After the Battle of the Solstice the obvious move for the Italians was to counter-attack the Austrians at the first available opportunity. But even in these very favorable circumstances, Diaz still resisted calls for an attack. For three months Diaz remained cautious, and in this decision the government supported him. However, by October it was clear that the Germans and Austrians were teetering on the brink and there became important political reasons for the Italians to attack soon. In Rome many politicians were concerned that if the Italian army did not attack, and hopefully occupy most of the territoroy thathe Austrians had taken, they would be denied some of the things that they had been promised when they entered the war. Remember Italy had only entered the war when promised a piece of the Austro-Hungarian empire. With pressure from Rome mounting Diaz planned his attack for the second half of October, with the date finally landing on the 24th. The goal of this attack was to push through the Austrain lines between the Austrian fifth and sixth armies, if this could be achieved the Austrian positions on the Asiago and to the south new Monte Grappa would be forced back due to the simple danger of being cut off. If everything went well an attack would push the Austrians into a headlong retreat.

The Italians would have 57 infantry and 4 cavalry divisions to execute their attack, and this included 3 British, 2 French, and 1 division of Czech volunteers. This game them the advantage in manpower, and they also held huge advantages in artillery and in the air. The superiority in these two areas had just continued to increase since the Austrians had launched their attack and by October the advantage was suffocating. Boroevic hoped to be able to trade some ground for time, and while this couldd have worked, it relied very heavily on the army sticking together. Retreats, even planned ones, can always turn onto routes, especially with an army in the state that the Austrian one was in. Unfortunately for Boroevic, in the middle of October Emperor Karl made some decisions that really sabotaged his efforts at defending against the Italian onslaught. On October 15th the Emperor had made a declaration that put the Empire on the path to dissolution, by announcing much greater autonomy for the various nationalities inside of it, an announcement prompted by pressure from teh Hungarians. This caused a lot of confusion in the Austrian units, and while many troops at the front would say in place, in the rear areas it was complete chaos as entire units began to simply march home. The front line was somewhat unaffected at the start, but after a week, on the 24th, the very same day that the Italian attack was scheduled to begin two entire Hungarian divisions, believing that they no longer were required to serve in the Empire’s armies, left the trenches and started for home. In this environment of disorganiztion, any coherent defense was simply impossible.

While a coherent defense would prove impossible, that did not meant that an incohorent defense would not be costly for both sides. On Monte Grappa the fighting becamea bloodbath and after 6 days of fighting the Italians had lost 25,000 men, with very little to show for it. This failure was mostly due to a complete lack of coordination between the infantry and artillery a problem that had plagued the Italian army for the entire war. But while the situation on Grappa was favorable for the Austrians, in other areas it was the exact opposite. On the Piave the start of the offensive was slightly delayed, but when it did start it began well. At the start of the attack pontoon bridges were thrown across the river and throughout the day a constant stream of troops moved across. The number of troops crossing the bridges had to be conrolled so that they did not collapse the fragile structures, but they proved more than capable of getting enough men across the keep the advance going. It was actually a British division that would spreadhead one of these advances and a British divisional history would say that at this point ‘Not many Austrians stayed to fight, the majority, surprised and dismayed at the failure of the wire to hold up the attack, streamed back inland in disorder, almost too fast to give the riflemen and Lewis gunners much chance to shoot them down.’ In some areas, even when the Austro-Hungarian units chose to stand and fight they were often betrayed by the units on their flanks, who would surrender or just retreat, leaving any defenders still in the line to be surrounded and captured or killed. The day after the attack began Boroevic would report to Vienna that the resolve of his troops, especially those that were not German, was weakening greatly and that there were already several reports of mutinies. Boroevic began to order a series of retreats in an effort to save as many troops that still listened to him as possible. This saved some units, but others were already pulling back as fast as their feet could carry them. Boroevic told the government that they should try and begin negotiations with the Italians, he hoped to offer them a retreat to pre-war boundaries in exchange for a peaceful withdrawl. While they retreated many Austrian units destroyed their supplies, with large ammunition dumps being lit on fire to light the night sky. Other units never received the order to retreat and were forced into either surrender or heroic defenses that few would live to remember.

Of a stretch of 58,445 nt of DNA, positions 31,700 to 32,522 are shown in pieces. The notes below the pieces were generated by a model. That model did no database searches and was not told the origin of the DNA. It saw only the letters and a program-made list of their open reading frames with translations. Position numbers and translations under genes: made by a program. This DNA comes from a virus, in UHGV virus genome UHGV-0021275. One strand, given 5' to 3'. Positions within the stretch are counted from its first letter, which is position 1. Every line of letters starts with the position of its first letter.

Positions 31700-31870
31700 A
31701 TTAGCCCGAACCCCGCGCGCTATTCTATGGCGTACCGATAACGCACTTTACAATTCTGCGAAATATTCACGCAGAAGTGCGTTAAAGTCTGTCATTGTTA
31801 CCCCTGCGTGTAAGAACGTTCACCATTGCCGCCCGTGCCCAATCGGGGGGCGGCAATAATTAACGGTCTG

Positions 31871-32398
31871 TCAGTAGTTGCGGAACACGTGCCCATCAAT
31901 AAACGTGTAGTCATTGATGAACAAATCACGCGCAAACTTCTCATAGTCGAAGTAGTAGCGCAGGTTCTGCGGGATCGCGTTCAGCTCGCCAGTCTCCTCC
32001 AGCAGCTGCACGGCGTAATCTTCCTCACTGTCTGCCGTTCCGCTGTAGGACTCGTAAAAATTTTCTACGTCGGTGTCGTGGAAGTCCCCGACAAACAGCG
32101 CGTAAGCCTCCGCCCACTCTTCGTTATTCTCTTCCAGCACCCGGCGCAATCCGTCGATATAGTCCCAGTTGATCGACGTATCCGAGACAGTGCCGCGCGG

While the Austrians were scrambling the Italian advances continued. By the 30th there was a non-stop flow of Italians over the river, and they were taking 10s of thousands of prisoners at almost no cost to themselves. On October 28th Bohemia and Galicia declared their independence, on the 29th Slovenia, Croatia, and Bosnia followed suit. On the 30th Boroevic asked his headquarters what he should do if he could not defend the borders of the empire. The response told him simply to keep as many units togethre as possible and to try and bring them back home, once they reached Vienna they would be separated and sent to their new nations. By November 2nd the Italians had recaptured all of the Asiago Plateau and they were advancing on the Tagliamento. The Austrians were now actively looking to end the war, but the Italians did not want to stop now. After 3 years of failure they finally had their victory. But the Austrian army was disintegrating and the Empire was falling apart, it was only a matter of time before the end finally came, an end to the war, an end to an empire.